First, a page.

Future plans for HTML

HTML directions

The HTML language has been in use in the field since 1990, and several suggestions have been made for improvements. See working notes . A new DTD will be the result.


Much of the HTML actually around has been generated by the NeXTStep editor, which has in fact generated bad HTML. This should not confuse the specification. Some bugs in that output include non-matching open and close tags, and a NEXTID tag which is not SGML. Also, attribute values are not quoted even when they contain characters which require them to be quoted in SGML.

A perl script was written by Dan Connolly to clean up bad HTML.

Also, see Dan's HTML spec (draft) which contains a sort of test suite.

New features

Please mail me mentioning this list if you think of features I have missed out.


A wrapper element for all the document-wide information such as title, document-wide links, etc. Advantage: You know when you have got to the end of it, and can open a window with the required attributes. This is easier than checking for a printable character.

Disadvantage: If mandatory, the size of the minimum document is increased.

A "Body" tag might be useful in the same light, for the rest.


A document-wide link, as distinct from a localized anchor. Mainly useful in conjunction with interesting link types such as related-index, related-glossary, parent, author, print-with, copy-with, etc.

An empty element.

Atributes are as for the anchor element.


A tag giving the dates a document was created, modified and expired is going to be essential for caching systems.

The expiry date-time will allow long cache times for documents such as RFCs, and short or zero caching times for varing data.

<DATE CREATED="920630123067" EXPIRES="920706000000">

(Is there an SGML standard for datetimes? Which standard to use standard? HyTime?)


The HPx elements are not implemented. Some bold/italic/fixed width highlighting is useful, with equivalent representations on single font devices. Three possibilities are
Numbered HPn tags
These are rather meaningless. In practice, everyone has to remember which is bold and which is italic.
Logical tags.
Dan: "I'd prefer <em>, <tt>, <cite>, ala TeX. Or we could go with the O'Reilly/Hal DocBook tags: <Emphasis>, <OopsChar>, <wordasword>,<CiteBook>,<Subscript>, <Superscript>". A problem is there are never enough of them, so people reuse them on the understanding that they will be bold, etc.
Physical tags:
<Bold>, <italic> etc as in MIME. There would have to be an understanding that equivalent representations could be substituted where bold and italic are not available.

Base address

Could be a name for the tag to give the address with which the document was saved, so that relative links could be resolved even when a document is found out of context (like mailed).

Fixed width text with anchors etc

The XMP and LISTING elements have proved essential for putting on line text already formatted assuming a fixed-width character set. Many people have asked for a version which, instead of being oblivious to any embedded elements, added elements, ang and anchors withing the text. Line end would have to be mareked as such (with P) so that marked-up a line could be represented on many lines: the markup could make it too long to send as it was, and very inconvenient.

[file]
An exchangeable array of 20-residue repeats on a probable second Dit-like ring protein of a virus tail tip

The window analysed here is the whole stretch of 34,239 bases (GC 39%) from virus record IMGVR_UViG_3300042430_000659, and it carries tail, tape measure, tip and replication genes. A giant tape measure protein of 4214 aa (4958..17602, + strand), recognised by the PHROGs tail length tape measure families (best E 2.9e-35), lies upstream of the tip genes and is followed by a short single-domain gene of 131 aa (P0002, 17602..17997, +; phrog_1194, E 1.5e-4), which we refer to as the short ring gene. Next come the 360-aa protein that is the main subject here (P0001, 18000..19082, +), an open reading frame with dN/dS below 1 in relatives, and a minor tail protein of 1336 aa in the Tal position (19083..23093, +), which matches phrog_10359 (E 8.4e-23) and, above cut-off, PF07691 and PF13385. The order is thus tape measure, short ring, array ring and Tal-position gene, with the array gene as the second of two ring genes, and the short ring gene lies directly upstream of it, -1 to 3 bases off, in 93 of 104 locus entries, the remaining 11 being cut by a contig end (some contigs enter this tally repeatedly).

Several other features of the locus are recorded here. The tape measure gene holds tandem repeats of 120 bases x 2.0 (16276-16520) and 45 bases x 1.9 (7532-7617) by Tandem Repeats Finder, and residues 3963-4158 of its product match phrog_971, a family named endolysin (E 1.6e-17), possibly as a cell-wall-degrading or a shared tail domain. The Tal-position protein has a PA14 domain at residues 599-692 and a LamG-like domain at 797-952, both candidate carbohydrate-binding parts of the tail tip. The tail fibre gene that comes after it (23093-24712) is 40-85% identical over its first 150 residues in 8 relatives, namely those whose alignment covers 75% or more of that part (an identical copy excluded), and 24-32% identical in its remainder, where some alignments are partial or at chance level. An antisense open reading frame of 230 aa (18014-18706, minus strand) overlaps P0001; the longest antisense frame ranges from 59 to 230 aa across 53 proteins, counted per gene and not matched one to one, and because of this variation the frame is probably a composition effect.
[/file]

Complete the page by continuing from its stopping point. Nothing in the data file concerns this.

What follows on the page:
Note that an editor could always save in this element something which was originally loaded as a raw text section: indeed, the raw text is really only a (very useful!) way of importing text which could also go though a filter to make it valid marked up SGML.

Fixed width indented

Very often one wants to quote a command in fixed width font, but indented as a quotation, say 40 characters wide rather than 80. Perhaps the width required should be a parameter to the fixed width with anchors element. (Smacks of low-level format!)

Ordered list

Perhaps the OL tag ought to go back in, to distinguish the ordered list from the unordered one. Dan Conolly implements it.

Link types

There is a list of link types . We should formalize these, and then people actually could implement them. This corresponds to giving values to the TYPE attribute . This attribute cohis attribute coEL for RELATIONSHIP to avoid confusion between the type of link and the type of object to which it points.


A full set of entities for specical charecters should be defined, picked out of a suitable standard table. This should allow for accented characeters and bullets as a minimum. Representation using regular USASCII stand-ins (such as oe for o umlaut) should be allowed where the full character sets are not available. Editors must preserve entities even when the display has defaulted to a stand-in character combination.


The ability to hide information in an SGML document is useful. The COMMENT entity was introduced for this purpose in the line mode browser as an experiment. It should go in as standard in future. If it can contain anything then it can be used for commenting things out.
Tim BL